Have you ever wondered what Formula E cars would look like if the electric single-seat open-wheel racing series had developed alongside Formula 1 back in the 1950s?
Well, Nissan is giving us a glimpse into what the cars may have looked like back then with its Infiniti Prototype 9 unveiled at the 2017 Pebble Beach Concours d’Elegance. The idea for the car started from an artist’s sketch to represent a bare sheet-metal body inspired by aeronautic designs. The sketch was initially shared with work colleagues, but the vision soon caught the imagination of some executives and passionate designers and engineers, who practically demanded it be brought to life. And before you know it, people were volunteering to build the thing as an after-hours project.
“Prototype 9 celebrates the tradition of ingenuity, craftsmanship and passion of our forebears at Nissan Motor Corporation, on whose shoulders we stand today,” explained Alfonso Albaisa, Nissan’s Senior Vice President of Global Design, who originally sketched the retro racecar. “It started as a discussion: What if Infiniti had created a race car in the 1940s? If one were to imagine an open-wheeled Infiniti racer on the famous circuits of the era, such as Japan’s Tamagawa Speedway, what would that look like? The sketches were stunning and the idea so compelling that we had to produce a prototype. As other departments became aware of this, they volunteered their time to create a working vehicle.
“The creation of the real-world INFINITI Prototype 9 was entirely and coincidentally organic,” he continues. “As we started work on a physical model, word spread beyond the core design team, and other departments started checking in and offering assistance. Eventually, the production team became aware of the project – and brought with them the desire and skills to build it.”
But rather than just building a functional fantasy racecar, Infiniti took it a step farther by including a prototype 120-kW electric motor and 30-kWh lithium ion battery to feed it. The electric powertrain sits in stark contrast to the traditional materials, and their manufacturing, of the rest of the car (such as the hand-forged body panels).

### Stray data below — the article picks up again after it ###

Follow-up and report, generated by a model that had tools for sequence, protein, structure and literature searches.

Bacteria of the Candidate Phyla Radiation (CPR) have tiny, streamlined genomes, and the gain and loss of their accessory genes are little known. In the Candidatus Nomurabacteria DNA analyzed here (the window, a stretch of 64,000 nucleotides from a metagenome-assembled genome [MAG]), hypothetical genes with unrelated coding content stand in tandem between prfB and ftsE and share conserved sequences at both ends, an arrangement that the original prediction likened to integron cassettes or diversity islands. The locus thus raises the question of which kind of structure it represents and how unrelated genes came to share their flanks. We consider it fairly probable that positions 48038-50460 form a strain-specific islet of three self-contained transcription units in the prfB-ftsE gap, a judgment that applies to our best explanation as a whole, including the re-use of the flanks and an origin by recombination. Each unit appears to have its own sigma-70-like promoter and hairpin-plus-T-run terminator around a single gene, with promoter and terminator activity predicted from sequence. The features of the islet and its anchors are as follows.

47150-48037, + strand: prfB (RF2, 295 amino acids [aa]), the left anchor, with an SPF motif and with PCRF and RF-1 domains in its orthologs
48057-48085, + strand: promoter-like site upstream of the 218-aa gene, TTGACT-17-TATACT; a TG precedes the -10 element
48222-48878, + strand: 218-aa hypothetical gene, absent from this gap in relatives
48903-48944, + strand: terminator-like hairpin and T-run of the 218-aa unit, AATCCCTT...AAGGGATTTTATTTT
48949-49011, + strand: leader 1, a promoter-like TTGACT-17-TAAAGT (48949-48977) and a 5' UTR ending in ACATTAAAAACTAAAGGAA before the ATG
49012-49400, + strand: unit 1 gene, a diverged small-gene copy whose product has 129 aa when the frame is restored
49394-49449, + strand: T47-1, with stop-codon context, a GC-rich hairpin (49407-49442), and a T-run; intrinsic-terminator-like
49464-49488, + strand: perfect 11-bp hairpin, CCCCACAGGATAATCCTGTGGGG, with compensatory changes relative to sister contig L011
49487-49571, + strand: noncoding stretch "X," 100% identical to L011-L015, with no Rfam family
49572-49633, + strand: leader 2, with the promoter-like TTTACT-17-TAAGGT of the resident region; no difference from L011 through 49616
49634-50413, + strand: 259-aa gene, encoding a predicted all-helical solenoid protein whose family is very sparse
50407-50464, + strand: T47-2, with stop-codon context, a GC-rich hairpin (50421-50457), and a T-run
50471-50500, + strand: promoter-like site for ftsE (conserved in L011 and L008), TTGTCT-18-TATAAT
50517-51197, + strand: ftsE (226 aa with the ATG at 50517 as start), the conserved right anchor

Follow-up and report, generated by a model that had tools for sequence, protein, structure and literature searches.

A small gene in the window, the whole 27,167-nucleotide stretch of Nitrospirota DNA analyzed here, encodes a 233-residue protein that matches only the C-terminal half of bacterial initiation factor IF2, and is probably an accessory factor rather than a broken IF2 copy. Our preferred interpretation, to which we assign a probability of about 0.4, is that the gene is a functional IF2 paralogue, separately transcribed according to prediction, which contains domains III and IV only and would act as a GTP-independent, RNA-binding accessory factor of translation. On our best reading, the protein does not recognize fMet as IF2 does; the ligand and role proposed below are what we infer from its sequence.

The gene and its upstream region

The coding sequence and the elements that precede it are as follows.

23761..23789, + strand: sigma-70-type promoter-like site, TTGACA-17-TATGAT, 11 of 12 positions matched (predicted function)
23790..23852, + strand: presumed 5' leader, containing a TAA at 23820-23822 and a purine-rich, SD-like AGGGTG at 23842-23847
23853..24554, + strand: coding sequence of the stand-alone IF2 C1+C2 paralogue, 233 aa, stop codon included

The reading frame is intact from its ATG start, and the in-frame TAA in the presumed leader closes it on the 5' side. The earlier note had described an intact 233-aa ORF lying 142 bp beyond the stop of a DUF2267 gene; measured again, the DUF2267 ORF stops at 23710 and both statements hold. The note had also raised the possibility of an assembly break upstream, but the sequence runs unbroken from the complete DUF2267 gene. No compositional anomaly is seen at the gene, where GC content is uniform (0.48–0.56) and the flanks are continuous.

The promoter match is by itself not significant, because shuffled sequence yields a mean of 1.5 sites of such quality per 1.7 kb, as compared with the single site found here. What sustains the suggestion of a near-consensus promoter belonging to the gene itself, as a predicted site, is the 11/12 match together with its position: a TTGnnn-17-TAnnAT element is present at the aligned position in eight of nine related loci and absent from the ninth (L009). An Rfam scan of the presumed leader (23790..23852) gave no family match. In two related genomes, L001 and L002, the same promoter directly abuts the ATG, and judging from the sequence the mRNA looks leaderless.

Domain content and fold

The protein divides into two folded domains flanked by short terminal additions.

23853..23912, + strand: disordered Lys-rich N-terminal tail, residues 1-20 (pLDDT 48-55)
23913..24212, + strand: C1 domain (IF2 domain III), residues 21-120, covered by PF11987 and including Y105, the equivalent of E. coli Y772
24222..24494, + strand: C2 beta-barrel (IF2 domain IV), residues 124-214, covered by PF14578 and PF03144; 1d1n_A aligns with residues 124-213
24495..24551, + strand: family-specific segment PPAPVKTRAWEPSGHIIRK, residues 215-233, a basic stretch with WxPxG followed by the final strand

Finished in a bare sheet-metal skin, the vehicle’s stunning bodywork is made from steel body panels wrapped around a steel ladder frame. The panels were hammered into shape by the Takumi — Nissan’s master craftspeople — who managed to throw in contemporary Infiniti signature cues, such as the double-arch grille, “shark gills” behind the front wheels, a single-crease hood, and sharp lines that stretch from front to rear.
“What started as an after-hours idea grew into a fully-fledged prototype; our designers and engineers were excited by the notion of creating a past vision, a nod to our origins. They volunteered their own time; more and more staff became involved,” said Roland Krueger, Infiniti Chairman and President. “Our teams have proven skills in manufacturing, engineering, design and advanced powertrains, yet they wanted to bring their own traditional craftsmanship to the project. They made Prototype 9 a reality, a result of their ingenuity – they recognized and realized the past, powered by a future-centric electric powertrain at its heart. Prototype 9 blends modern technology and hand-crafted details paying tribute to the forebears of Infiniti.”
The car is also a nod to the custom-built Prince R380 that broke several land speed records in 1965 before capturing the 1966 Japanese Grand Prix. Prince is regarded as Japan’s original builder of premium automobiles, and whose legacy can be followed to present day Infiniti.
“We wanted to explore what (a barn-find racecar) looked like, what it would have been made of,” said Albaisa. “Open-wheeled racers of the age were beautiful machines, elegant and powerful and with a wonderful purity of purpose. It’s an automotive fantasy, but the notion captured our imaginations enough to put pencil to paper.”
The black-leather-wrapped cockpit received the same level of attention as the exterior, with hand made elements with contrasting stitching, and minimal switchgear. The fixed steering wheel hub has been hand turned and features the instrument cluster.
And another tie-in to the past is that the figure “9” is reportedly pronounced kyuu in Japanese, which is similar to the famous Q designation of famous Infiniti models and a big part of the current line’s model designation.
Performance-wise, the Prototype 9 is capable of a top speed of 170 km/h and a zero-to-100 km/h sprint of 5.5 seconds. Maximum EV range of hard track driving (on ready made period competition tires and 19-inch wheels), is about 20 minutes, which would be about right prior to the car swap each Formula E driver is required to make before finishing off the race.